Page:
20 is plenty for South Ward

Young children and cyclists stand to benefit most if speed limits in residential roads were reduced to 20mph.

Streets with a 20mph speed limit have less traffic noise, lower emissions and 40% fewer road causalities, improving road safety especially for young children.

South Ward Borough Councillors Brian Clark and Paul Wilby, members of Maidstone’s Joint Transport Committee, are seeking your views on their proposals to improve road safety in Boughton Lane, Norrington Road, Paynes Lane and adjoining roads. 

Their scheme would reduce the speed limit in the vicinity including the entrance to New Line Learning, Five Acre Wood and Tiger Schools and the Bright Horizons Preschool site. It would also include the entrance to the Boughton Parade Car Park.

 

What are they planning to do?

They are proposing a 20mph speed limit be implemented in the area. The roads included are shown in the plan below:

© OpenStreetMap contributors

 

Why do they want to do this work?

The proposed 20mph speed limit is in response to numerous requests from residents and has been supported by the North Loose Residents Association. Concerns have been expressed about the speed of traffic and the safety of pedestrians, especially schoolchildren, crossing the road at the New Line Learning school site in Boughton Lane and while walking in Paynes Lane and Pear Tree Lane (where the lack of footpath affects road safety).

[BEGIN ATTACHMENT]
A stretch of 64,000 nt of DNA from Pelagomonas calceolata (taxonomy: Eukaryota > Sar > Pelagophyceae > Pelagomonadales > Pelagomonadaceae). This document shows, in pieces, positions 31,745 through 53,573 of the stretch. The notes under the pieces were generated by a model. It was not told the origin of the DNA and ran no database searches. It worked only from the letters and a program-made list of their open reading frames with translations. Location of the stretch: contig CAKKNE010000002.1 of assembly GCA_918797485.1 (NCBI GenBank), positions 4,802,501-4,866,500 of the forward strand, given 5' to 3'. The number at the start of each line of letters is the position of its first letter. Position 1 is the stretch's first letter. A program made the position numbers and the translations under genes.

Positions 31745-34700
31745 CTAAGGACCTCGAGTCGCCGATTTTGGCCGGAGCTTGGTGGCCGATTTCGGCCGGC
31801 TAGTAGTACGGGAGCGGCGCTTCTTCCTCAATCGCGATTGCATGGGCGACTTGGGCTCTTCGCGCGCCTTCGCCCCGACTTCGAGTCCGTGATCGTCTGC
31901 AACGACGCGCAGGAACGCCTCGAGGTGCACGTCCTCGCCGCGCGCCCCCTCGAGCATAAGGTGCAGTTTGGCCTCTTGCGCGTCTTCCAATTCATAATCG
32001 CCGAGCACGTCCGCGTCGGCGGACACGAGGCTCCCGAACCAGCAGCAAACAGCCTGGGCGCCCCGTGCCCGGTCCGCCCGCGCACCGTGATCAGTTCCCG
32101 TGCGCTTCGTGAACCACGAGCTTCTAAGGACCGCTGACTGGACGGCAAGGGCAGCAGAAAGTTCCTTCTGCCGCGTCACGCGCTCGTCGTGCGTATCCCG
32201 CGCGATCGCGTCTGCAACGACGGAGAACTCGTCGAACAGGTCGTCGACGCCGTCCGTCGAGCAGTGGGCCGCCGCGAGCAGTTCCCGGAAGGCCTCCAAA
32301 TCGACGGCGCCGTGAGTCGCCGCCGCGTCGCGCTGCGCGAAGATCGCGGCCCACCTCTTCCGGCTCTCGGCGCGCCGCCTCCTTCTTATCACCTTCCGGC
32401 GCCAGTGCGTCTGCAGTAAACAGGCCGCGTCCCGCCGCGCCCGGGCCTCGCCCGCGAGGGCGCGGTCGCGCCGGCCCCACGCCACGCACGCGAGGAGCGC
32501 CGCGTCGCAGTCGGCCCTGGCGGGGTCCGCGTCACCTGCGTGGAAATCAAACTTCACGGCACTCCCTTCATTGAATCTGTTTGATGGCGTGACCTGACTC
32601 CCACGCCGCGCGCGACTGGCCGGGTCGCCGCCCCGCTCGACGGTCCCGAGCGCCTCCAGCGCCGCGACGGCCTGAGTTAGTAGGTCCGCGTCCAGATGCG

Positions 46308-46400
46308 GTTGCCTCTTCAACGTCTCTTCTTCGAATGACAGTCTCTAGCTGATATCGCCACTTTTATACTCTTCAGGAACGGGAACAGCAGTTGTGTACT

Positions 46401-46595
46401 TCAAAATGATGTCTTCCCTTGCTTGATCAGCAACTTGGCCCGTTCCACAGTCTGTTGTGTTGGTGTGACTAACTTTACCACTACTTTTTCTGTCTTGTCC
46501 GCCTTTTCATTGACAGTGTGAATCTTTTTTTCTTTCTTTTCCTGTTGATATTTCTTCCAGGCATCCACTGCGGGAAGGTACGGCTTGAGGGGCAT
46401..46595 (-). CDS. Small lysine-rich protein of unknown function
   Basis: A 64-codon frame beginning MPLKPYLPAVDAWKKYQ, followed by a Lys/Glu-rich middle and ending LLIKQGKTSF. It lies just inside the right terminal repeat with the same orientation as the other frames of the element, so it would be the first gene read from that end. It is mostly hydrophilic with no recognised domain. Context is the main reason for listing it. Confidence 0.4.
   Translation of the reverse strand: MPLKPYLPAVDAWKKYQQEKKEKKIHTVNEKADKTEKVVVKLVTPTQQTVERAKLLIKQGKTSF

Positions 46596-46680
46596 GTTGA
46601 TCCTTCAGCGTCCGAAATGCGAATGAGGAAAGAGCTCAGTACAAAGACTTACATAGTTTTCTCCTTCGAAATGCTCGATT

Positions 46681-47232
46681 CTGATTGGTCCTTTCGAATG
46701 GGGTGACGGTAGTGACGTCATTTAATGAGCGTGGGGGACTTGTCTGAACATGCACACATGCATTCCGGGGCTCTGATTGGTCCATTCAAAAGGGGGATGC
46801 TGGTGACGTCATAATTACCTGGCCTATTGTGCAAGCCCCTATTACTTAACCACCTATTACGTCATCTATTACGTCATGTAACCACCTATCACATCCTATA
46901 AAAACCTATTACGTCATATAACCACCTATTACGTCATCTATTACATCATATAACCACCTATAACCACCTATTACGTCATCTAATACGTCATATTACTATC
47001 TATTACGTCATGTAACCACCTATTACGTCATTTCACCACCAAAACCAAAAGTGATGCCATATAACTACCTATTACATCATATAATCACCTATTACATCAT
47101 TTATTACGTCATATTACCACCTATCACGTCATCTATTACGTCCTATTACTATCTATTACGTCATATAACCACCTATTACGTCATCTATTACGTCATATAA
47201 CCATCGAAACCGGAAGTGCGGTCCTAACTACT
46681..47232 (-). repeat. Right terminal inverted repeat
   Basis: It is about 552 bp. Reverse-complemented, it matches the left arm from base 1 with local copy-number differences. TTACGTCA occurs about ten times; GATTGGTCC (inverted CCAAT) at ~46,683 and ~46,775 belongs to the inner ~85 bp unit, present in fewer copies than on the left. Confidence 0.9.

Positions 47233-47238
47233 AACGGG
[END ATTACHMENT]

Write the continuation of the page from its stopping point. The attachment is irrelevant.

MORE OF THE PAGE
What will the scheme involve?

To ensure this is an effective 20mph speed limit, it would be necessary to consider 'light-touch' measures such as upright repeater signs and roundel road markings (at locations shown on the plan). There are no plans to remove any on street parking.

Informal Consultation

Brian and Paul have been working with Kent Highways and MBC on highways schemes as members of Maidstone’s Joint Transport Board. The proposal was initially submitted by Brian in July 2019, following an officer request for suggestions for a 20mph pilot scheme. While this plan was not included in the pilot, it was once again proposed for the first round of “Active Travel” grant funding during the early days of the pandemic.

Disappointingly, while the unpopular King Street cycle lane scheme received active travel funding, the 20mph plan did not make the shortlist. They are now undertaking an informal consultation to gather evidence of support for such a proposal.

Next steps

Brian and Paul will collate the responses to this informal consultation. If there is sufficient support for the speed reduction, they will submit the evidence to Kent Highways with a view to progressing this proposal.